Shadow of the Batgirl (OGN) - DC Comics
Written by Sarah Kuhn
Illustrated by Nicole Goux
Colors by Cris Peter
Letters by Janice Chiang & Saida Temofonte
Cassandra Cain is about to become very popular. Her first live action appearance in Birds of Prey (And The Fabulous Emancipation of Harley Quinn) will introduce the world to a character that most of them probably didn't know before. While this might be a very different take on the character, people of all ages will likely seek our her stories after the fact. DC Comics clearly understand that, and has given fans that opportunity with Shadow of the Batgirl.
Since this graphic novel boasts nearly 200 pages, and I'm trying to be spoiler free, I won't go too deep into the actual story of the book. This being a young adult graphic novel, you have to expect this to be a bit of a coming of age story. As you keep reading, you find out it is so much more than that. This is a story about discovering who you are, who you want to be and the path you take to get there. It's about the decisions that we make, at any age every day. It's about family in every sense of the word. This book does not shy away from the good parts about family and the bad parts as well. We get to see Cassandra struggle, triumph, struggle again and navigate so many different parts of her own identity. Not to mention, there is not a single moment in this book that you're not rooting for this girl. That's one of the things that kept me reading through this so much, that I finished this story in one sitting.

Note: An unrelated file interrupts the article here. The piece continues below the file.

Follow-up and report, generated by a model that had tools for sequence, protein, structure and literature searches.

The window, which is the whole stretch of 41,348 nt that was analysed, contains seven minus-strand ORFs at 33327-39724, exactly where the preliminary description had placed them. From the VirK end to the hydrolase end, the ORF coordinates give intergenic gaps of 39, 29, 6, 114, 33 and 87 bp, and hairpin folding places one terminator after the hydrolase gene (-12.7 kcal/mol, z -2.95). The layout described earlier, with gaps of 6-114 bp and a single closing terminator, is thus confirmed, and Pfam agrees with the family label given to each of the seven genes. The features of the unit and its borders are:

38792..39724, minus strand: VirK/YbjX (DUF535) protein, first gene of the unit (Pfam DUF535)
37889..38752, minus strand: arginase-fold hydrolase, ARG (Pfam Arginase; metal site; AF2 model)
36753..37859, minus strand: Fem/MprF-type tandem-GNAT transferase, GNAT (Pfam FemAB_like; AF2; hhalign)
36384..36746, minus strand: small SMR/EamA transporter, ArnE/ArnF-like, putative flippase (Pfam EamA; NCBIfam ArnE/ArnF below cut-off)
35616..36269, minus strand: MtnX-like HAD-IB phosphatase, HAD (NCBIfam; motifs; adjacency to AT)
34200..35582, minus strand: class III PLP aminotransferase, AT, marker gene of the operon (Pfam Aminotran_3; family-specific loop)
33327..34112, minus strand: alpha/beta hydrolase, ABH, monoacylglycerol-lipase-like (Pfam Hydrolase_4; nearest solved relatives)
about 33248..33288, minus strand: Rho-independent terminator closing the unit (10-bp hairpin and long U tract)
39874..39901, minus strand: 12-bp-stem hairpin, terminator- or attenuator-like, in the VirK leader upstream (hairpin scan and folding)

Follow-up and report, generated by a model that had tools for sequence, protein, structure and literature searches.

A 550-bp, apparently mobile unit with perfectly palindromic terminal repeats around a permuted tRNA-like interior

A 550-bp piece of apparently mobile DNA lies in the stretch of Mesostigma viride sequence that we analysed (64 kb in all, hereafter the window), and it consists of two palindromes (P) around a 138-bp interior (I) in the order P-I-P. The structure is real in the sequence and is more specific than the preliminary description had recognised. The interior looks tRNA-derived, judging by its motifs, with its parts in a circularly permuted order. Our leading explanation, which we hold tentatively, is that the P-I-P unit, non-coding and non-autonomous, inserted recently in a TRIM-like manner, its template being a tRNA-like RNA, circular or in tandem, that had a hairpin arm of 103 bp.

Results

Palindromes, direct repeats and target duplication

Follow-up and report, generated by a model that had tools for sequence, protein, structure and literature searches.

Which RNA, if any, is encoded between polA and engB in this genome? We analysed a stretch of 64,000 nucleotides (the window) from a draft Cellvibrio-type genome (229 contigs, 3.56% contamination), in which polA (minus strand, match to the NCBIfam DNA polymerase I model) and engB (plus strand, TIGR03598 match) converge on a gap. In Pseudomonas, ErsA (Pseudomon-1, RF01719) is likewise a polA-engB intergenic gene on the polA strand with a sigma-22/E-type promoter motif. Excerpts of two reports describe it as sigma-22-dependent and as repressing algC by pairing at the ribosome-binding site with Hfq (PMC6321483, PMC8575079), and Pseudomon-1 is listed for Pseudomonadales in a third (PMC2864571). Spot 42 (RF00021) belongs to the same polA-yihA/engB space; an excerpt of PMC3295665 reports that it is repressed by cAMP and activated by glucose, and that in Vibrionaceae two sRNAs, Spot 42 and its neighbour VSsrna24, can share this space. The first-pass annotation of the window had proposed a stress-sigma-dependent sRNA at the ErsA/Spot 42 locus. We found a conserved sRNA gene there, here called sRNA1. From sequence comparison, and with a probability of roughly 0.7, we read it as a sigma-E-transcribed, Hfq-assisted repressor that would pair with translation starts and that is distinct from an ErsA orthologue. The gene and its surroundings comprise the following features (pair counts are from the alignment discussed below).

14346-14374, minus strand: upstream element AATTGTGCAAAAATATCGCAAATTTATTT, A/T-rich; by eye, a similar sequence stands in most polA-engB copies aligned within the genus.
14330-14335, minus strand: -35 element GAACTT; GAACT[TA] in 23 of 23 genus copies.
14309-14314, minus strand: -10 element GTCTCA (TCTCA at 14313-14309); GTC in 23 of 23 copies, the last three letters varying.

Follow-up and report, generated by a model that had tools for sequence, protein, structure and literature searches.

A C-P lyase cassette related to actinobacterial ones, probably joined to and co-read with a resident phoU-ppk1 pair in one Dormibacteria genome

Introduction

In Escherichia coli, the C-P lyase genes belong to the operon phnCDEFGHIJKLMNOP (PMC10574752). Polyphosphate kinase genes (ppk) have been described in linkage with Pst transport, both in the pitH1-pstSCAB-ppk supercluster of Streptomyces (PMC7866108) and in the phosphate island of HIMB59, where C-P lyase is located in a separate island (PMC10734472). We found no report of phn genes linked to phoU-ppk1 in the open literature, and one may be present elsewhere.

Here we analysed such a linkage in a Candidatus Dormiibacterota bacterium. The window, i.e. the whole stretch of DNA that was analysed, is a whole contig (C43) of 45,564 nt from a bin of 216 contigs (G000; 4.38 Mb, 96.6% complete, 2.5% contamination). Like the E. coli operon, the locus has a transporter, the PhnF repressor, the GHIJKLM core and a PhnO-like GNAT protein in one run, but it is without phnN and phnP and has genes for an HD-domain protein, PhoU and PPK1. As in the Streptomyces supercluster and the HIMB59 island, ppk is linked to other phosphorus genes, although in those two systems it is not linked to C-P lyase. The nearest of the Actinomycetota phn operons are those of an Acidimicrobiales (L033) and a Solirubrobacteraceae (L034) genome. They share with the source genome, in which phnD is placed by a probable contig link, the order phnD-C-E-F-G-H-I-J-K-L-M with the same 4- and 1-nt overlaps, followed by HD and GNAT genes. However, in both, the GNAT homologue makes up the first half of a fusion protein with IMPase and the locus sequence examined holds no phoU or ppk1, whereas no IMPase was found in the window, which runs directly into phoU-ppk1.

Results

The art in this book really shines in it's playful moments, and also it's most heartfelt. Sure, action sequences are cool, but Goux manages to capture everything from excitement to emotion so well that you could feel every bit of it. Anyone who knows Cassandra Cain knows, she can be a girl of few words. So those emotions that I mentioned in the art were especially important in the early stages of this story.
Things are also mapped out beautifully by Kuhn and the editing team. Each chapter is a natural progression and made sense. It would have been easy to do your classic case of, "here is your hero, here is your villain, this is what happens when they face off." This book did not feel that way at all. Not only does it focus on Cassandra more than anything else, it allows itself to earn the moments that it reaches in a natural way. Nothing is thrown in to get your attention, or bring you back to the story, because you are already immersed in it.
Look, I certainly can't sit here and pretend I have the first clue what it's like to be a teenage girl (nevermind one that is struggling with the complex issues that Cassandra is.) One thing that I think that almost anyone can relate to is that feeling of not knowing who you are and how you can get there. Not to mention, there is another familiar face in this story that is struggling with her own issues, too. I won't give it away, but I'm sure you can figure out who I mean.
My point is, this is a young adult graphic novel, not a young girls graphic novel. There are great lessons to be learned, and a wonderful story to be told. Don't pass that up because of an assumption that this is being directed to a certain audience. This isn't just about being a fan of a character, it's about knowing that it's ok to be who you want to be. So get ready for some wonderful moment, some tough moments and to understand who Cassandra Cain really is. This creative team captures that in a wonderful way with their take on this character. Do not let this story pass you by, or any young adult that is looking for a hero that they can identify with. This is that story that you're looking for.